Why Migraine is NOT Just a Headache

By Sarah Faith
How many of us have often heard of our migraines referred to as simply “bad or severe headaches.” Commercials for migraine medicine, friends and family, even doctors perpetuate the idea that although sometimes severe, the migraine is simply a headache with the directly related symptoms. We ourselves, as migraine sufferers, often believe that that is precisely what that diagnosis entails, and that alone.

I, in fact, even with my medical background and much research into migraines and their cause, etc. believed that very notion for years. As a result, I was desperately searching for some explanation of all of my “other” symptoms, seemingly very ambiguous symptoms, that often occurred without the co-existing pain.

I mean, I could completely understand the nausea which accompanied my pain when it was severe enough, or the blurry vision, the sensitivity to light and sound, and more. THAT made sense to me. But what of all the random symptoms I experienced that were NOT accompanied by severe pain?

It is true, that head pain is one of the most common symptoms of migraine and is present in the majority of those with this diagnosis. However, there is, in fact, a myriad of other symptoms that occur with or WITHOUT the presence of head pain.

Migraine is so much more than “just a headache” and the other symptoms that are directly related to the pain. Migraine is a complex neurological disease that affects your central nervous system and is caused by abnormal brain biochemistry as well as genetics.
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(Above: Diagram of how migraine and the CNS work together; via The Hearty Soul)

So, one, it is a disease process. And two, it affects your entire central nervous system.  
The central nervous system is responsible for the integration of all sensory information and the body’s response to these stimuli.

Therefore, there is basis for a tremendous number of symptoms occurring in the body, based on the abnormal biochemistry of the brain, that again, can occur with or without the telltale headache.

When I was in high school, one of my best friends would often be out for several days at a time with severe nausea and vomiting, but no pain. She was diagnosed with migraine.  I absolutely could not understand this at the time, because I had been having migraines with primarily severe head pain since I was three and thought, as most do, that that was pretty much all it entailed: headache. I look back now with more knowledge and understand so much better the similarities and differences we shared as two people diagnosed with migraine.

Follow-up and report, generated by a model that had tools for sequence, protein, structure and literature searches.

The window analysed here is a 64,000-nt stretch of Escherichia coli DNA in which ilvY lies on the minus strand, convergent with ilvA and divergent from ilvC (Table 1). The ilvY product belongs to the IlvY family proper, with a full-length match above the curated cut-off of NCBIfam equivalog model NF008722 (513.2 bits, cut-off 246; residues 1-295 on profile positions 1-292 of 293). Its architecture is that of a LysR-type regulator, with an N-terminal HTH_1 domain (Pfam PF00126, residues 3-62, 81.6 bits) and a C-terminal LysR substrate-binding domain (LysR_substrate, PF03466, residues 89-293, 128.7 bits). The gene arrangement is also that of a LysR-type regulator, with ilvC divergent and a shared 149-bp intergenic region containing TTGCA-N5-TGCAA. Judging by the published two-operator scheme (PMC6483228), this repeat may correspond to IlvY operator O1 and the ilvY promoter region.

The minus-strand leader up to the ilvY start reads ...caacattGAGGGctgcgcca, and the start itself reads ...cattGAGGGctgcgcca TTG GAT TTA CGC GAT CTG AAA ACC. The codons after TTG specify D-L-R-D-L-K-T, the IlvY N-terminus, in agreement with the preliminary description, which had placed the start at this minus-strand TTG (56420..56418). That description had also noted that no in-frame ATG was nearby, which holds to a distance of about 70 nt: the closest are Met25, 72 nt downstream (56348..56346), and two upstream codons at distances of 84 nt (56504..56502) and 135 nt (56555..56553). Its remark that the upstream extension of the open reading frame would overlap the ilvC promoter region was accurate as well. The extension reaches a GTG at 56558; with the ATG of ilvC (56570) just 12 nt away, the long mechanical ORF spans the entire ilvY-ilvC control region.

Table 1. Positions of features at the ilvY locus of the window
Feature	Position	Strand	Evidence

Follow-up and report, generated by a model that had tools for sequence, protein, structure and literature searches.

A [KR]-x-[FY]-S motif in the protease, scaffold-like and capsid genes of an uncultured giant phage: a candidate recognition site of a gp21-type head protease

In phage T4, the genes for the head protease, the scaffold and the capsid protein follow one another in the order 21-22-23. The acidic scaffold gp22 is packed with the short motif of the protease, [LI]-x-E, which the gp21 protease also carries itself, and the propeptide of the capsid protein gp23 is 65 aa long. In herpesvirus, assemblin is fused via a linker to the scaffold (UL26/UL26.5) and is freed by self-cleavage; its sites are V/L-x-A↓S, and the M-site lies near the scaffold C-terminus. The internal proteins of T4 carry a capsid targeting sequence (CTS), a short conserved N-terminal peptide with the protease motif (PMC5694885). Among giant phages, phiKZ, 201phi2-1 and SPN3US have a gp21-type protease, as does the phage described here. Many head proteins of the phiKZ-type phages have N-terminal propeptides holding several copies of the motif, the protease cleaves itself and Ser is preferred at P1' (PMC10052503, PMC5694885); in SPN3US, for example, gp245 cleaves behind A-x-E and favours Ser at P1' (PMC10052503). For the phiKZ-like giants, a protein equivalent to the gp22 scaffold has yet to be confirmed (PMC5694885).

I was so unbelievably relieved to discover the truth about migraine and the disease process behind it because, as I said before, I was experiencing so many random symptoms outside of my pain that I felt like either I was a crazy hypochondriac or there MUST be some separate diagnosis to explain them.
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(Above: Demonstration of how pain occurs in migraine through blood vessels, via MedLine Plus).

I don’t know about all of you readers, but I even found myself in tears every time I had a clean MRI or had other things such as MS ruled out. How ungrateful does THAT seem? But I’m sure all of you know what it is like to want to KNOW what is happening to you regardless of how bad it might be. Having a concrete answer puts our anxieties at rest.

I hope that the explanation put forth here helps some of you to understand that you are NOT crazy. Your symptoms are REAL, and your diagnosis of migraine doesn’t have to match that of everyone else. We are all different in our experiences. And they are under the umbrella of a very definitive diagnosis… that of migraine.
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